I almost wish I hadn't read Melancholy of Resistance and War and War before this - because I want more of that. The thingitself is great - awesome printing, yes it smells cool, yes it looks awesome but I'm left wanting Satantango to arrive in English so I can get back to the longer form Krasznahorkai that I enjoyed so much more than this. Readers who are experiencing him for the first time through this work should certainly read his other available works to really get the level of mastery this writer achieves. I'll admit that when I visualize Krasznahorkai it's certainly through the images presented by Bela Tarr and even James Ensor who's Entry of Christ was used in part on the US cover of Melancholy of Resistance. Neumann's work has never greatly appealed to me and it leaves me a bit old here as well. It's obvious that Krasznahorkai doesn't share my indifference and that's really all that matters. It's a nice thing to own and as previously mentioned - it's a perfect example of why many book lovers shouldn't rush to get an e-reader and abandon paper. If my house burns down - I'd certainly replace Melancholy of Resistance and War and War before this.

  • Emily
    2018-12-27 08:21

    The object: utterly amazing. You will caress the pages, I promise.The text: biblical. visceral. cyclical. lyrical. terrifying. voice of god. voice of man. like gertrude stein. like samuel beckett. like the psalms. like the book of revelation. so much in so little space. it feels like a life in less than 40 pages. a full life.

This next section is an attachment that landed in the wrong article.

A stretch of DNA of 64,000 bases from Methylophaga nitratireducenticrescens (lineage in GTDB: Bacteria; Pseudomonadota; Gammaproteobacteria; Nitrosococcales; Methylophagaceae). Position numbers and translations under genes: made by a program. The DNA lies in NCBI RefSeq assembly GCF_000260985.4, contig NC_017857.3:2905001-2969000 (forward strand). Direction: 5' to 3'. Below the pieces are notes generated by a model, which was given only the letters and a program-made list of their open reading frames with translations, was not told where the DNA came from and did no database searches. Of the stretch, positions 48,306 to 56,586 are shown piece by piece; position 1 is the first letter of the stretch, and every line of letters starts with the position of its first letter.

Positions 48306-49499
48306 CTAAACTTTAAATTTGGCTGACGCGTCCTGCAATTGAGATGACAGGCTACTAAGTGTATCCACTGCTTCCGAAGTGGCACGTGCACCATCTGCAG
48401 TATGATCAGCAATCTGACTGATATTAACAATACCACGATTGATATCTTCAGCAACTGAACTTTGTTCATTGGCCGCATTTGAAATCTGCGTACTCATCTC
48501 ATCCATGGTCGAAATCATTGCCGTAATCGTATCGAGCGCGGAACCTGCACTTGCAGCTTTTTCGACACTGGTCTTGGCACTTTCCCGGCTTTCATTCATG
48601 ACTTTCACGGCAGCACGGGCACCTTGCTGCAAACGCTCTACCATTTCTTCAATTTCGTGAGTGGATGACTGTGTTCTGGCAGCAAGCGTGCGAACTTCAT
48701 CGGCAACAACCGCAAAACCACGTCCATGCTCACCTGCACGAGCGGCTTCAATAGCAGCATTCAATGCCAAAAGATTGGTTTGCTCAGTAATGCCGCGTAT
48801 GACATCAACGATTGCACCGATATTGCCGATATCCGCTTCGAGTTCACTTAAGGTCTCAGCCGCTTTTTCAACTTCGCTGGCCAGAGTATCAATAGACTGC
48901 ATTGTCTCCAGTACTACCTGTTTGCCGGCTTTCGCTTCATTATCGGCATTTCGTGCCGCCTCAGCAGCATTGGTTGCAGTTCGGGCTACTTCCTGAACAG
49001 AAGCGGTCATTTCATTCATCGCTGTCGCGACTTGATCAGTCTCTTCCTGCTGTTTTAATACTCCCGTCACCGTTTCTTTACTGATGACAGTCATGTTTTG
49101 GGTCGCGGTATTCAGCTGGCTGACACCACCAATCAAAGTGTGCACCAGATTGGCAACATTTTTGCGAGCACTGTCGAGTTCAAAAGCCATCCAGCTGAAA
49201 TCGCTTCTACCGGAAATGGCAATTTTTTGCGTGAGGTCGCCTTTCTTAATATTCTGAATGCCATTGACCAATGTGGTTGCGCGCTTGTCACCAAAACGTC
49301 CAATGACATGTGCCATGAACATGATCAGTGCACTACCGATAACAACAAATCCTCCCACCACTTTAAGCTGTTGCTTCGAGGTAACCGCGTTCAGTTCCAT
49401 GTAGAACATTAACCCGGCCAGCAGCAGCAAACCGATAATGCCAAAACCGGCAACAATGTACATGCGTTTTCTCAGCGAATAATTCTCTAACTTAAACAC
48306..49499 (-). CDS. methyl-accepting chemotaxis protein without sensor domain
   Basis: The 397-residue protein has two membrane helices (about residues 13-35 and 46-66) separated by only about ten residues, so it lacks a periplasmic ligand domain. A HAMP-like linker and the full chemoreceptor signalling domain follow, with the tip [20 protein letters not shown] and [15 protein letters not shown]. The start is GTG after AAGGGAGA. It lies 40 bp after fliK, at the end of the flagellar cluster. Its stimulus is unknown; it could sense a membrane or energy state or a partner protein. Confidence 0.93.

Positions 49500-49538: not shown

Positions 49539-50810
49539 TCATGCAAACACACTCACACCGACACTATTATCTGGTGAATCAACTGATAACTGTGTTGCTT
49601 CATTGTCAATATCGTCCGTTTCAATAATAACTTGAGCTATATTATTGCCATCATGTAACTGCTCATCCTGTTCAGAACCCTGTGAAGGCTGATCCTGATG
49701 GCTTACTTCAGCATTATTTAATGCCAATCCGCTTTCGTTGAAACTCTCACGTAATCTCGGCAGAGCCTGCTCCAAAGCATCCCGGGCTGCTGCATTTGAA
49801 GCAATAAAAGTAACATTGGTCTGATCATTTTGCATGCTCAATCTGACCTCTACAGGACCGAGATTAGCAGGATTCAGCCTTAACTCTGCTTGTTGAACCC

• Christian Kiefer
    2018-12-27 10:25

    I love Krasznahorkai for his darkly experimental approach to language but this one was just so-so. Max Neumann's images are interesting but the combination of image and text could have done much more than it actually did.

  • Dustin Kurtz
    2019-01-12 10:22

    One of the most terrifying books I've ever read.

  • Edward Rathke
    2019-01-08 13:14

    I found this to be mostly just bad, and an incredibly uninspired way to respond to artwork with text.I've written a few books in this manner. Where the artist creates an image and the writer writes texts as response, and on and on. I think Krasznahorkai falls into a trap of being constrained by the image, and so each text is very insular and stagnant. I even found his long sentences incredibly stagnant, which seems like a terrible use of extending sentences past their breaking points.What I've always loved about the use of very long sentences is the fluidity that they give a text. Their flexible nature. How the beginning of a sentence can be miles from where you end. But Krasznahorkai keeps circling back, which would maybe be interesting, if there was movement between beginning and end. It's like watching someone drown in a puddle, their arms flailing, their legs kicking, showing an impressive amount of struggle and determination, but somehow still drowning.This is my first Krasznahorkai, and I'm pretty severely disappointed. I've heard so much about him for so long that I was expecting something at least interesting. I'm still willing to give him another shot, but, man, this thing is just bad.

  • Jayden gonzalez
    2019-01-15 06:24

    this book is on my wall now.

  • Ben
    2019-01-12 12:31